CS@Mines Developing Hidden Talents

Help Drive Innovation

Help shape the technology of tomorrow! It’s been shown overwhelmingly that diversity in technology fields is a key driver for innovation. CS@Mines is organizing a mentorship experience for undergraduates in Spring 2021. The goal is to encourage students to pursue graduate studies and research careers in computing, especially students from underrepresented groups.  

What you will do

  • Experience hands-on CS research, culminating in a research symposium where you will present your work.
  • Partner with a CS@Mines graduate student mentor.
  • All meetings will be held in a virtual reality, with VR headsets provided for all participants.
  • Undergraduates who continue on with their research over the summer get to keep their VR setup!

Who should apply?

  • Sophomores, juniors, or senior undergraduates majoring in any science, technology, engineering, or math fields
  • Undergraduates from any school may apply

Accepting Applications for Spring 2021

Program Details

Timeline

Continue to check this page as dates are finalized.

Tuesday, January 19, 2021 8:00AM MST  Application Deadline
Monday, January 25, 2021 Decisions Released
Sunday, January 31, 2021 11:59PM MST Confirmation required from accepted students
February – April Research Group Meetings
Late April Research Symposium
Example Research Projects

Students can collaborate with graduate students on research project such as these:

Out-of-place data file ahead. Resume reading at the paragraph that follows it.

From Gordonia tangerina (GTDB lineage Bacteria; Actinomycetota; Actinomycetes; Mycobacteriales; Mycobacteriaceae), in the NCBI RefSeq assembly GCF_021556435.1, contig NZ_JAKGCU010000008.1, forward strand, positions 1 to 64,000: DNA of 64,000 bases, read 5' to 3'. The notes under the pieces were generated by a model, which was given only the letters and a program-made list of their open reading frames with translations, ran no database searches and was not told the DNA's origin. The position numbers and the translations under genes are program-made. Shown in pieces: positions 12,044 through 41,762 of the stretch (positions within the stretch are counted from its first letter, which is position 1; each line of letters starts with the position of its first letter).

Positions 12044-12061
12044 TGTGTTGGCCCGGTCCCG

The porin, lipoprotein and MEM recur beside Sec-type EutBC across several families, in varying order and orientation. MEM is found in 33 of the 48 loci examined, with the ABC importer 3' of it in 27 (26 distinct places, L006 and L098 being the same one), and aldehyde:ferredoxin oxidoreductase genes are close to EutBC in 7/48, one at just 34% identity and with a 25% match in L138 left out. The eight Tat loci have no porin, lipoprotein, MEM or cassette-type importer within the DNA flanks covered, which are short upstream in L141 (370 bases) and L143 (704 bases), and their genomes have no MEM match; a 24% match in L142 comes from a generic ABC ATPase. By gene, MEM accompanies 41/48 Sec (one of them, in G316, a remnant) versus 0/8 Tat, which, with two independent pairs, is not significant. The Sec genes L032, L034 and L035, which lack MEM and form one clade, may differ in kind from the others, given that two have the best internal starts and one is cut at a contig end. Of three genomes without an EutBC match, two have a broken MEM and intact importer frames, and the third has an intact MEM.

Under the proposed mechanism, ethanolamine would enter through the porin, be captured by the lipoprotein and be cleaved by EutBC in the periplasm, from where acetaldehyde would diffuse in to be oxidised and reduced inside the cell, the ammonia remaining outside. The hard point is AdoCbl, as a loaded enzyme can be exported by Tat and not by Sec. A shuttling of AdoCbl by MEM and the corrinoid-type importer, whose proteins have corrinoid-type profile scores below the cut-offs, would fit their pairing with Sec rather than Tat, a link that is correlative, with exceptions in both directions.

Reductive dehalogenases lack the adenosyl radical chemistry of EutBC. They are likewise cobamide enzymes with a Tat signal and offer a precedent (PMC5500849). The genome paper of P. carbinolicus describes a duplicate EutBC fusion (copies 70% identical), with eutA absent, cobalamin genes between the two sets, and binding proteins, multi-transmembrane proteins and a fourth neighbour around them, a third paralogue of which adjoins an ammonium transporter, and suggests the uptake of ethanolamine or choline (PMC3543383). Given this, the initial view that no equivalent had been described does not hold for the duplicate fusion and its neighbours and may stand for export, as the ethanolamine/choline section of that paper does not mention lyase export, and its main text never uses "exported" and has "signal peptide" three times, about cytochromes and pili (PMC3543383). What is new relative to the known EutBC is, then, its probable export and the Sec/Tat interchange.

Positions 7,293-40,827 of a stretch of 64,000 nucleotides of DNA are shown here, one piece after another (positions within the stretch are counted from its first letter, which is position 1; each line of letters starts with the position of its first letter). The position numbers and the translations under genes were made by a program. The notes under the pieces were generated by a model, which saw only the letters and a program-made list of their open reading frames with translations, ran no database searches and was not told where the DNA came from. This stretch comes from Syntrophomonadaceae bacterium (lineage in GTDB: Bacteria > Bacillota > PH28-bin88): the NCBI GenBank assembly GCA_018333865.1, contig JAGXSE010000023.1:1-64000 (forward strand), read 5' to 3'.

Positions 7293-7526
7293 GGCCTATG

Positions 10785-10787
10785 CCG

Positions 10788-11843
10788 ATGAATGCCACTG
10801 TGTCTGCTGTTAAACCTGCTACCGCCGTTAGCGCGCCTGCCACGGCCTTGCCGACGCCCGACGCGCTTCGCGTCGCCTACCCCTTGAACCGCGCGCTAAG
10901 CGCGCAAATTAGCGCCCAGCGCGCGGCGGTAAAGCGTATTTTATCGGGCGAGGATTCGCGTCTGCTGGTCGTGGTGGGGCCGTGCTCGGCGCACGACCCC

Robotics Demonstrations for STEM Education and Outreach 

The project objective is to create robotics demonstrations such as robot dancing, robot soccer, speech interaction, and tic-tac-toe playing, and use the demonstrations for outreach and STEM education to inspire and attract the future generation of roboticists. 

Goal Reference 

In previous work, we have developed algorithms to allow robots to understand and generate references to individual objects within their environments (e.g., “the red box”). In this project, students will investigate new ways in which robots might handle references to a robot’s own actions and goals. 

Robot Panning with Real-World Constraints

Robots performing physical tasks must adhere to physical constraints: a glass full of liquid must be kept upright, drawers must slide linearly, doors must rotate at the hinge, etc. This project will incorporate physical constraints into a robot planning system, enabling robots to plan actions and trajectories for everyday tasks. 

Enabling Smart Irrigation using Internet of Things

Public and private lawns make up the single largest irrigated crop in North America. On such a large scale, minor inefficiencies in irrigation control techniques can cause an immense amount of wasted water. This project will use loT devices to monitor soil moisture of various locations of lawns. The collected data will be then used to enable adaptive irrigation. 

Detecting Driver Phone Use to Prevent Distracted Driving

Driver distractions caused by smartphones have been a major factor in high profile car accidents. Existing solutions either do not distinguish between the driver and the passengers, like iPhone’s Do Not Disturb While Driving feature, or require the control of the car. In this project, we plan to develop an application to determine driver phone use, utilizing sensors equipped in smartphones, mainly Bluetooth and magnetometer. 

Mentors Needed
  • We need CS@Mines graduate students to be mentors to undergraduate student participants. 
  • Please visit CS@Mines Call for Mentors page for more details. 

Questions?

2 + 10 =

This work was partially funded by an unrestricted gift from Google.